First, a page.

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Government shutdown as Congress misses deadline

Posted on Wednesday, October 2, 2013 at 1:14 pm

General Manager/Editor Ron Schott

General Manager/Editor Ron Schott

Officially at midnight on Tuesday, the United States Congress missed its deadline to pass a spending bill, which effectively triggered the beginning of a partial government shutdown for the first time in 17 years.
So what does this mean to you?
• National parks are closed. Campers have 48 hours to leave the many camping sites. Those affected include the Statue of Liberty, Independence Hall, Grand Canyon National Park, and more. This hurts businesses surrounding these areas like hotels, restaurants, etc.
• Disability and pension payments may be interrupted for veterans the longer the shutdown drags on.
• Federal research interrupted, huring government’s ability to detect and investigate disease outbreaks.
• The Affordable Care Act (“Obamacare”) debuts in health insurance markets as coverage starts in January.
• Routine food inspections by the Food and Drug Administration will be suspended. Meat inspection does continue through the Agriculture Department.
• The FAA will furlough 2,500 safety office personnel and 3,000 inspectors are expected to be off work.
• Active-duty military personnel stay on duty and will get paychecks on time, thanks to bill signed by President Barack Obama ensuring this through the shutdown period.
• The WIC program (Women, Infants, and Children) could shut down.
• Those traveling abroad can still get a passport as the Bureau of Consular Affiars are fully supported by user fees.
• The FHA will approve fewer loans as only 67 of the 349 employees will continue working.
• Social Security and Medicare benefits will continue to be sent.
These bullet points I gathered, with help from an Associated Press article, should help readers understand what is coming in lieu of the government shutdown.
Legislators failed to reach a compromise mostly due to an addition in the bill seeking a delay of the Affordable Care Act’s Implementation for one year.
Republicans claim there are still many more uncertainties in the legislation, which could have a hurtful affect not originally realized by Congress when a bill was passed a couple of years ago with most legislators admitting to not having even read the bill they voted for.
Here’s my take on this wholesituation…while I agree there are positives to ACA like in the example of preexisting conditions, there are so many problems with it. This legislation is going to cripple our economy.
I’ve said for two years that this one piece of legislation will bring our country to its knees.
The days of a 40 hour work week are gone. This was addressed in a union letter signed by both the Teamsters President James Hoffa and UFCW President Joseph Hansen. It was perhaps drafted two years too late).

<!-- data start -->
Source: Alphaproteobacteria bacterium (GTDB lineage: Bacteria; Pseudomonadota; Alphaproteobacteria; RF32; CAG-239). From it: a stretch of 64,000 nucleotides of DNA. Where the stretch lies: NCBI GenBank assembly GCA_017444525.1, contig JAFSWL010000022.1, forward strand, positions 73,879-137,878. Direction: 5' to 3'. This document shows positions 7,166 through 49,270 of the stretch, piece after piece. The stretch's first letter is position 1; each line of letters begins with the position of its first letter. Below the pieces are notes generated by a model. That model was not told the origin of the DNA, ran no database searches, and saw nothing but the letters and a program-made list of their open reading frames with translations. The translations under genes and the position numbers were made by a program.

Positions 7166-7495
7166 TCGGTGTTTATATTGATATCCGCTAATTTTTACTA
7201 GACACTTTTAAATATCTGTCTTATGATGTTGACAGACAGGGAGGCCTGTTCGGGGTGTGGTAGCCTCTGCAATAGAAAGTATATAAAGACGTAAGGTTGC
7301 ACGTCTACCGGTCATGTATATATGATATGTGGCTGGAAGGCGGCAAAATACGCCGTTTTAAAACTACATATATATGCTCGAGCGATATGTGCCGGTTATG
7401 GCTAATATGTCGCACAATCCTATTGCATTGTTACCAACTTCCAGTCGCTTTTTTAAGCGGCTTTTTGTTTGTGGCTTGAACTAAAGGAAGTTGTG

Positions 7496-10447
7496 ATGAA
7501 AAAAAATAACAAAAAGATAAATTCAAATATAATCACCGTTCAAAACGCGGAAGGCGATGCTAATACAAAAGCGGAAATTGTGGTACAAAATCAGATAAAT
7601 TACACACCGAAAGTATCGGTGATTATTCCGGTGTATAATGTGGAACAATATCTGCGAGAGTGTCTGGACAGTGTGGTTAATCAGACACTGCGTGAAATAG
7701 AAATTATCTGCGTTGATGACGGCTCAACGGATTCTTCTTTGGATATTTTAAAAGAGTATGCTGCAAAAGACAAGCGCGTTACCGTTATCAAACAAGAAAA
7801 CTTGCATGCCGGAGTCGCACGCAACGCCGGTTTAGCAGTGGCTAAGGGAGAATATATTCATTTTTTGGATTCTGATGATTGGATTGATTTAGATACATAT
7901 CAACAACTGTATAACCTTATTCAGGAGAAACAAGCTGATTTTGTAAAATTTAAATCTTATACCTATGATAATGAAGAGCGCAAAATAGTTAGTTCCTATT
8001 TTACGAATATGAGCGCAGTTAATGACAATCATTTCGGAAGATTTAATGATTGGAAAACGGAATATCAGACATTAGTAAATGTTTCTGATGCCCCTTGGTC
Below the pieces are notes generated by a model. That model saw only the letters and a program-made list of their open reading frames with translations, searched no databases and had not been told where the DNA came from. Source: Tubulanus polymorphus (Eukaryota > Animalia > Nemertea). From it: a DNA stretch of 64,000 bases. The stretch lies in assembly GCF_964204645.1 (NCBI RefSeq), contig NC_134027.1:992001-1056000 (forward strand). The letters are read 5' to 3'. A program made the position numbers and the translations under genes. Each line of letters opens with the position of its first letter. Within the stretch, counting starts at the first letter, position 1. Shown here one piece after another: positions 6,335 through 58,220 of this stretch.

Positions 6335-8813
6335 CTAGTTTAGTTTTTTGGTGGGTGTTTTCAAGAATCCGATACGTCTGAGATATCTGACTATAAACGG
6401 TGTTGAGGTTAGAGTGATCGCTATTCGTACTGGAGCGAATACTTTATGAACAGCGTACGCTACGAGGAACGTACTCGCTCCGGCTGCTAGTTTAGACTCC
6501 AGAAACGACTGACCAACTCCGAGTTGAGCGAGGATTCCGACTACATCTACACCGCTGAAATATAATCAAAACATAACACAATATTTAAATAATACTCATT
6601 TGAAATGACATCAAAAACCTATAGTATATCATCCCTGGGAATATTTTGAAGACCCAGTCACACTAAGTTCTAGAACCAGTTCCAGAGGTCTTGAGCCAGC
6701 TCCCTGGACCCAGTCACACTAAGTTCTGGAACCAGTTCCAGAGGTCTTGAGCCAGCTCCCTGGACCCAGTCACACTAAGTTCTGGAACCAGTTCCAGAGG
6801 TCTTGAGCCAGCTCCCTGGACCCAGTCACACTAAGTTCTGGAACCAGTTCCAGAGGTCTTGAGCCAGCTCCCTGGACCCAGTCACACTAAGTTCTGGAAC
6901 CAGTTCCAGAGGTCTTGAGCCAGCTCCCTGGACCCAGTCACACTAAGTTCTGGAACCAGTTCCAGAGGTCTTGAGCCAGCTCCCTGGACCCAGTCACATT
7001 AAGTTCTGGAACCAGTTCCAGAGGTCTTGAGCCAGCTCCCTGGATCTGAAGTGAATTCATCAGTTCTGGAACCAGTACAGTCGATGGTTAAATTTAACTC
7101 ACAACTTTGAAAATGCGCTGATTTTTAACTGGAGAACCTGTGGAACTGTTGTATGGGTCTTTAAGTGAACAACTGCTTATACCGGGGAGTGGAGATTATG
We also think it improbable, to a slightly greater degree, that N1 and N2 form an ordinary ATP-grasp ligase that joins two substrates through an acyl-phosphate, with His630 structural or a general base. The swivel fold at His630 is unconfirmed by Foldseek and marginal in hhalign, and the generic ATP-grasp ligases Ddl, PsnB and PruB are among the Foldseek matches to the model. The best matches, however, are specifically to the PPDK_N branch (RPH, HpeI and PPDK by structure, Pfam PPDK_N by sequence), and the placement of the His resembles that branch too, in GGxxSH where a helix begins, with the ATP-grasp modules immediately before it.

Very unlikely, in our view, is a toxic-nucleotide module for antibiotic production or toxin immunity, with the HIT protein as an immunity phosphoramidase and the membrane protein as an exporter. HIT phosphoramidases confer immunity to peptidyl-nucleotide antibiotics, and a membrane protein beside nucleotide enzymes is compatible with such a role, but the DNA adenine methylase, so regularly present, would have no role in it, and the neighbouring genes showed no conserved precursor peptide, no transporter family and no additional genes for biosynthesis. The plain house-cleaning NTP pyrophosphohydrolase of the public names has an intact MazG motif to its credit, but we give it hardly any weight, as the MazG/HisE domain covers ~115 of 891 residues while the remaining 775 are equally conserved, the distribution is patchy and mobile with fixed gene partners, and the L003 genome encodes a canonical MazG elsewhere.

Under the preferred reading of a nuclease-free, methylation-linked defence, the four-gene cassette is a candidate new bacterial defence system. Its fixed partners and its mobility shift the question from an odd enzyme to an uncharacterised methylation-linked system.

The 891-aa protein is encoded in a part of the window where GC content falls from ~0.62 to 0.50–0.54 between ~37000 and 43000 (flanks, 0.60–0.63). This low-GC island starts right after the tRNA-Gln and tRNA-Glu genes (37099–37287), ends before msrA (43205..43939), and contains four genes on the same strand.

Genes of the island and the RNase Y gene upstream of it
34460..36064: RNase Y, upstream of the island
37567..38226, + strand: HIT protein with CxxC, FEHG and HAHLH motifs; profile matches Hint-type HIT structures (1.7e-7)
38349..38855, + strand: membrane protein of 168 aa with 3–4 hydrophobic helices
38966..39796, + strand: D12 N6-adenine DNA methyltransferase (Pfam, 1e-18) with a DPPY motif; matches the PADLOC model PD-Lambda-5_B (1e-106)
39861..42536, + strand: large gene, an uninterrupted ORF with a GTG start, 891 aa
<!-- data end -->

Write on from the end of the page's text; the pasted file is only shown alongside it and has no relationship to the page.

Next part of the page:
“Right now, unless you and the Obama Administration enact an equitable fix, the ACA will shatter not only our hard-earned health benefits, but destroy the foundation of the 40 hour work week that is the backbone of the American middle class…Time is running out: Congress wrote this law; we voted for you. We have a problem; you need to fix it. The unintended consequences of the ACA are severe. On behalf of the millions of working men and women we represent and the families they support, we can no longer stand silent in the face of elements of the Affordable Care Act that will destroy the very health and wellbeing of our members along with millions of other hardworking Americans…We continue to stand behind real health care reform, but the law as it stands will hurt millions of Americans including the members of our respective unions.”
Businesses will cut employees and are already announcing scale back efforts (see Walgreens) to counteract it.
Investor’s Business Daily reports that as a direct result of ObamaCare, more than 300 companies have either eliminated jobs or reduced full-time jobs to part-time jobs. They also report that hospitals across the country are firing staff and reducing work hours.
It’s so bad that those who drew up the law are wanting to exempt themselves from it as well as so many large corporations.
At the end of the day this is a poor piece of legislation with devastating effects on our country as we know it. This latest Republican effort, however, should have been done several debt ceiling votes ago. At some point, we need to get our debt under control and ACA is going to make it worse (see Mass. and their spending more than $500 million more than budgeted on a similar effort in the first three years).
I think Republicans felt their backs were against the wall. They waited until the last minute for the law to take effect to finally get drastic with their actions. The time to do this was a while ago. Their stand might have appeared stronger a year ago. Now they look like kids who didn’t get their way and while I don’t blame them for taking the stance finally, it’s too late.
The normal “Joe Smith” hearing about the shutdown will label this as Republicans not getting their way instead of the really good reasons many lawmakers have as for why this law likely shouldn’t have been passed as currently written.
Both parties are to blame for what and I believe President Barack Obama is responsible too. He keeps talking about getting both sides to the table but we never see it in action. At some point, he needs to step in a be a real leader on this issue. Unfortunately, he whines in his speeches about as much as both sides of Congress do through their political stunts.
With the current sideshow featuring both political parties, only time will tell where our legislators and the president are going to take this nation.